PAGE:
This strategy turned out to be something of a double-edged sword, however. ‘While Swaziland remains predominantly rural with limited Internet connectivity, the hype around an uprising managed to filter throughout the country,’ says Dlamini. ‘It generated unrealistic excitement and anticipation on the part of a general citizenry, who became spectators while the bulk of those who generated the Facebook hype also resided outside the country and could not coordinate activities on the ground to actuate their cyber aspirations.’

It also allowed the regime to be much better prepared for the demonstrators than it had been for the last large scale demonstration in Swaziland, on 18 March 2011. Here the regime had seemed surprised at the numbers of demonstrators. Between 8,000 and 10,000 marched on 18 March, making it one of the biggest political demonstrations in the history of the country.

And as people in the mass-movement pushing for multi-party democracy in Swaziland have retorted, uprisings do not just spring up because they are announced on Facebook. They might be lit by a spark, as was literally the case in Tunisia, but they are fuelled and sustained by the years of groundwork undertaken by civil society organisations and political movements such as the FSEJ, the SUDF, PUDEMO, and the trade unions. These organisations have organised, conscientised and prepared the masses for the moment the spark was lit.

‘The years of hard work, dedication and sacrifice by cadres of the progressive movement, civil society and all social forces are what have made people aware of their problems,’ says COSATU’s international relations secretary, and former Swaziland Solidarity Network general secretary, Bongani Masuku.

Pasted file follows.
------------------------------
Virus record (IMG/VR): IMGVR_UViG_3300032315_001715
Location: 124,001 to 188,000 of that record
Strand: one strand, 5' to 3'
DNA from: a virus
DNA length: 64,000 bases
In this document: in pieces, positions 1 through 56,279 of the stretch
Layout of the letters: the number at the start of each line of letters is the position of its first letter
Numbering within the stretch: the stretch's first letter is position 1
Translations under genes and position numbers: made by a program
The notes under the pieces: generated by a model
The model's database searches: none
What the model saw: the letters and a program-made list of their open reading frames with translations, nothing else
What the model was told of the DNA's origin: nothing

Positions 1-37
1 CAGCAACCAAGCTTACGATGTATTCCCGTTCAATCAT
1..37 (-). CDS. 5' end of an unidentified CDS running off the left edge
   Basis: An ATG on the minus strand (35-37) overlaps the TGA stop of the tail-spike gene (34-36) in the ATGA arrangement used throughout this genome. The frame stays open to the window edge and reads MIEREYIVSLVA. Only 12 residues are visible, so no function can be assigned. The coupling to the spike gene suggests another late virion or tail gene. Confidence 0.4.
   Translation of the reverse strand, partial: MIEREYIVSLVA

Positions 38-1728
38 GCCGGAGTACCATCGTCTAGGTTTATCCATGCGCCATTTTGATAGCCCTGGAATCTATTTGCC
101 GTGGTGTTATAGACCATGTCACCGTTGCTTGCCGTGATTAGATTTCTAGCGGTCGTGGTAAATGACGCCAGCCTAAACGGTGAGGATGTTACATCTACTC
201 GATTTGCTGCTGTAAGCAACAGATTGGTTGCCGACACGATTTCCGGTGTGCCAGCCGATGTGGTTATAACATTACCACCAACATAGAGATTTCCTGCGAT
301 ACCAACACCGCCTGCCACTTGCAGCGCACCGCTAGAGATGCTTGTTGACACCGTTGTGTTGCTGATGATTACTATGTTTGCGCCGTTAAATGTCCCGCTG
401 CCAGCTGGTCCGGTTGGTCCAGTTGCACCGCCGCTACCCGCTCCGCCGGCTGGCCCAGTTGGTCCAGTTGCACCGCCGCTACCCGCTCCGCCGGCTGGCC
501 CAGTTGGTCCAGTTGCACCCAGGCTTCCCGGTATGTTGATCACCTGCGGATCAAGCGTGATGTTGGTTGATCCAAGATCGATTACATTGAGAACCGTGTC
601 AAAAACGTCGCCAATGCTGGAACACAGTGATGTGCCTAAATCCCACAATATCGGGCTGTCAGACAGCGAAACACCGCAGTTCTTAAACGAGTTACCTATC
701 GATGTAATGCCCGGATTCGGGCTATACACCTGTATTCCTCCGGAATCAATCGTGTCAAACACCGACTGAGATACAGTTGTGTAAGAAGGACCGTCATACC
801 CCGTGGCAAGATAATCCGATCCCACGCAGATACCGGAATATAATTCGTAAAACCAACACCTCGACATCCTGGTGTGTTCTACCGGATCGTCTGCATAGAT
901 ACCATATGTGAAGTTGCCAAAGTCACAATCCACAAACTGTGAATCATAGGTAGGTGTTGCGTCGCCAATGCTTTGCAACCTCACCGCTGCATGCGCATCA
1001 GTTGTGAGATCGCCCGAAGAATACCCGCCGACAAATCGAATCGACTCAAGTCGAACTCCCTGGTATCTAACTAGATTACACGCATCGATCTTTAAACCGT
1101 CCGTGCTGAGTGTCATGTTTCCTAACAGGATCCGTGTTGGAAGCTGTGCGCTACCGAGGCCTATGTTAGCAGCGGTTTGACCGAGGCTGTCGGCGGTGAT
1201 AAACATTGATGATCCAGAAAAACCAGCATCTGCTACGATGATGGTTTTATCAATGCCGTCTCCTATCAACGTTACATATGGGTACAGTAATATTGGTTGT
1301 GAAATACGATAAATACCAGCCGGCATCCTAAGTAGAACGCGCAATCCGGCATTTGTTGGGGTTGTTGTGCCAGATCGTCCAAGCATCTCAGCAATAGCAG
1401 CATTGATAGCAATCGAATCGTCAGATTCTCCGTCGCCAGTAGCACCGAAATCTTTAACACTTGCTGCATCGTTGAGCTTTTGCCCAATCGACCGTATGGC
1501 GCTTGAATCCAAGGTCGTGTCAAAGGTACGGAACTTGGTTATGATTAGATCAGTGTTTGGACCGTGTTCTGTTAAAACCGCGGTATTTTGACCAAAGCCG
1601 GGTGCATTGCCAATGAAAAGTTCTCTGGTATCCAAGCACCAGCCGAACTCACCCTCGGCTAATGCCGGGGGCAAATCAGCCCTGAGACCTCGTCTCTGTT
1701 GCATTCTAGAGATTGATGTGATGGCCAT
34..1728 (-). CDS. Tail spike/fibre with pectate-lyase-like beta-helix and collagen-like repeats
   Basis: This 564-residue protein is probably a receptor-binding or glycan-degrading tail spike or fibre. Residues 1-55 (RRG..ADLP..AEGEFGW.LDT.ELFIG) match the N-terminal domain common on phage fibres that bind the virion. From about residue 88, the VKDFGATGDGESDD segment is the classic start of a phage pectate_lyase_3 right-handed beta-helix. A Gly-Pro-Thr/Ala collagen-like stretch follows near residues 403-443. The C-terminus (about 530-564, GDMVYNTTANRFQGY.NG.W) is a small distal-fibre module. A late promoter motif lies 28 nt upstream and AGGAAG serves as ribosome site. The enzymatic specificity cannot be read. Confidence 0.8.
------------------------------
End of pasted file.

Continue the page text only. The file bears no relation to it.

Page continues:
These organisations were probably also responsible for putting the bulk of the people on the streets – people that actually managed to bypass and brave the police roadblocks, random arrests and general intimidation and participate in the demonstrations.

They had called for demonstrations demanding socio-economic justice and democracy between 12 April and 15 April, whereas the Facebook campaigners had a ‘more radical and broad approach that seeks to topple the government,’ says Thamsance Tsabedze from FSEJ.

‘The king must vacate office immediately,’ the Facebook campaign stated on their website. ‘Our aim is to remove the king and make sure there’s multiparty democracy,’ said one of the instigators of the Facebook campaign, Pius Vilakati, a former Swazi student leader who is now exiled in South Africa, to the Mail & Guardian.


Judged by the numbers attending the protests or by the concrete results, the 12 April uprising was not as successful as the North African uprisings (although none of these countries have actually democratised yet either). Only a few thousand managed to evade the many police roadblocks and mass-arrests on 12 April and the following days of protest, and the king and his undemocratic regime is still in power. And this is despite the Facebook campaign promising that ‘a hundred thousand men’ (and presumably women) would ‘march into the country’s city centres to declare a 2011 democratic Swaziland free of all royal dominance’ and the SUDF’s Dlamini stating that ‘we are looking to put at least 20,000 disgruntled Swazis out on the streets.’

But perhaps we should judge the Swazi uprising not as a failed end result. Perhaps we should instead see it as a manifestation of a growing resoluteness amongst the people of Swaziland. PUDEMO certainly seemed to see it this way, saluting ‘the workers and the people of Swaziland for standing up to the hostile regime and pressing through their demands,’ as a press statement put it.